Co-owner of City Books
Are you local? I’m not. I was born and bred in Twickenham. But my husband, Paul, is a Brightonian. We met many moons ago when we were both employees of WH Smith’s, when they had proper bookshops. Our eyes met across a training room. We’ve worked in every branch of Smith’s from Hastings to Portsmouth between us.
When did you set up City Books? 31 years ago. We could see the way it was going, we were still young, and we thought: ‘It’s now or never’. We were living in Portsmouth and Southsea, which we loved, but we knew that a bookshop wouldn’t work down there. Not what we wanted to do. Paul knew that Brighton was where we needed to look, and there was a remainder bookshop already here, which we bought. A lot of what we do is recommending books to our customers and expanding their reading. That’s part of the pleasure: ‘You liked that, well have you tried this?’ We also love to bring authors to speak in the city. Will Self was the first, about 17 years ago, and since then we’ve had the likes of Tony Benn, Vic Reeves, Vivienne Westwood and David Attenborough.
Who are your customers? With two universities in the town, we get a lot of students. Then there’s the customers who come in every other day and we’re part of their social network. They’ve convinced their families to just give them book tokens and can normally get from Christmas to their birthday without spending too much of their own money. We get to know some of them very well, and they all love independents and are keen to make sure that we survive. I do wish people wouldn’t always keep talking bookshops down. Stop talking them down or they will die. That happens with books too. We’ve lived with the ‘death of the book’ since I started bookselling in 1981, and the books are still here, strong as ever.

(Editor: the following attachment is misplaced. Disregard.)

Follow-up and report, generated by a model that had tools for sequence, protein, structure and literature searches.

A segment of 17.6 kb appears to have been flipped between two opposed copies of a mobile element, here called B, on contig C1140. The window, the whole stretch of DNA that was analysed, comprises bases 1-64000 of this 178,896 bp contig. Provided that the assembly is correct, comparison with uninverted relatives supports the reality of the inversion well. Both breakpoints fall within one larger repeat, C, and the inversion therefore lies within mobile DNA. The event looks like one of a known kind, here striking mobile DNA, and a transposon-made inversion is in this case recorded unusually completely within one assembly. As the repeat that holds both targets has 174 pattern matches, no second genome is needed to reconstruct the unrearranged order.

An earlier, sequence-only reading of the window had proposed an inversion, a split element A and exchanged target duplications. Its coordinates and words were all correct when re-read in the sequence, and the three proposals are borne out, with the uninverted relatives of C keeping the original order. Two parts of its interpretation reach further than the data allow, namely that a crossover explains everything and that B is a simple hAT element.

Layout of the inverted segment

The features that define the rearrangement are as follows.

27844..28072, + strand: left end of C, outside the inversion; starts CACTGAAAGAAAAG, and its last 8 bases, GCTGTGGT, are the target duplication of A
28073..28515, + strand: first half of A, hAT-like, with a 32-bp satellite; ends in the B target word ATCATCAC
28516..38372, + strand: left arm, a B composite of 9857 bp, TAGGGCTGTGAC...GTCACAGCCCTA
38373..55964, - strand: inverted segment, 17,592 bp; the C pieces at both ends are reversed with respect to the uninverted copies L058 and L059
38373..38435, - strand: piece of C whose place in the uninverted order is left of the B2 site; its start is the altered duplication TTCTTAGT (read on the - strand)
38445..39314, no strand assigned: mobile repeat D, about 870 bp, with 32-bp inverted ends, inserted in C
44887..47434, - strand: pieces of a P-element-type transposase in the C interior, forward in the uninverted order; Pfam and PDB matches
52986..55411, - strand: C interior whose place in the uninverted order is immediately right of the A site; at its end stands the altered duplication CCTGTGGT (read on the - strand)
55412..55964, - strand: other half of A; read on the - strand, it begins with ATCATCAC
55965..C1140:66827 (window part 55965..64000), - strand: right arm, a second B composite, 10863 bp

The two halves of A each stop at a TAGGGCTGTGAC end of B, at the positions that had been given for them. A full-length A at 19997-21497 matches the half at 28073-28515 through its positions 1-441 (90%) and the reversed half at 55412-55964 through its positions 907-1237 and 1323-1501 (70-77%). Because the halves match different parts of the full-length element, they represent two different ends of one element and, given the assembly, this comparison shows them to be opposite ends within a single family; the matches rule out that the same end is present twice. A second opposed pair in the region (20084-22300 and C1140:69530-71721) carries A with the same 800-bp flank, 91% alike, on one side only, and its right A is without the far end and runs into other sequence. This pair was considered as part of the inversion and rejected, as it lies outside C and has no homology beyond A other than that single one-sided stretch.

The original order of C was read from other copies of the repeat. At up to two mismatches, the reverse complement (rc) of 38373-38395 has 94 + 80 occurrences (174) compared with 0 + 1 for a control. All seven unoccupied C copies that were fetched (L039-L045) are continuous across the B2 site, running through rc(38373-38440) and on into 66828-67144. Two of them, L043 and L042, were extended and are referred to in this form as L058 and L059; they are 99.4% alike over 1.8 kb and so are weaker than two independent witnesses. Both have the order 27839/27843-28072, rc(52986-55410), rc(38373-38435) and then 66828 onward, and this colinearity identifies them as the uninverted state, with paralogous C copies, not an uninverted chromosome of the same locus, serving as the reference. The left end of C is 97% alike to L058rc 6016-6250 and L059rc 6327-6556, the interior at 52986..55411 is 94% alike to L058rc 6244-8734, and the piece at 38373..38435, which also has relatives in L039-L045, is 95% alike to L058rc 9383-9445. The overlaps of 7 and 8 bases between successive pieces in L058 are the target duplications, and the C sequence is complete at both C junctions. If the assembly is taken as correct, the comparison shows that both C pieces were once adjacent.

Why do you think people still want print? Isn’t it so lovely? To feel it. Smell it. You can mark it if you want to (which gives me the heebeegeebees), you can turn your pages down (which makes me feel quite ill), you can break the spine (which I hate). And you can snoop on a train and see what people are reading. You can’t do that with screens. We’ve struck up wonderful conversations with so many people just because of what they are reading.
Is Brighton a good place to run an independent bookshop? It is. People want something alternative, something unusual. They don’t want pile-it-high-and-sell-it-cheap, necessarily. They want us to have a whole section on Africa, on North Korea, they want the latest book on Brexit. Stockholding bookshops do well in Brighton because people want to be better informed.
What do you like most about the city? I love the fact that you can walk down the road and nobody bats an eyelid at who’s who, who’s wearing what, who’s doing what. No one worries. Anything goes. There isn’t really anything I don’t like, apart from maybe the parking. I feel really proud of our city. Even in miserable weather it’s an inspiring place to be.
What do you do on a day off? We don’t often get weekends off, but I love to meet friends for lunch or tea. I love the dippy eggs upstairs at I Gigi, if I go in the morning, and their bubble & squeak. If I’m going for tea, Terre à Terre is really special. And the Hidden Pantry on Blatchington Road is wonderful for breakfast. I’m an early bird. Once it gets dark, I just want to go to bed.
Photo by Adam Bronkhorst
23 Western Rd, Hove, BN3 1AF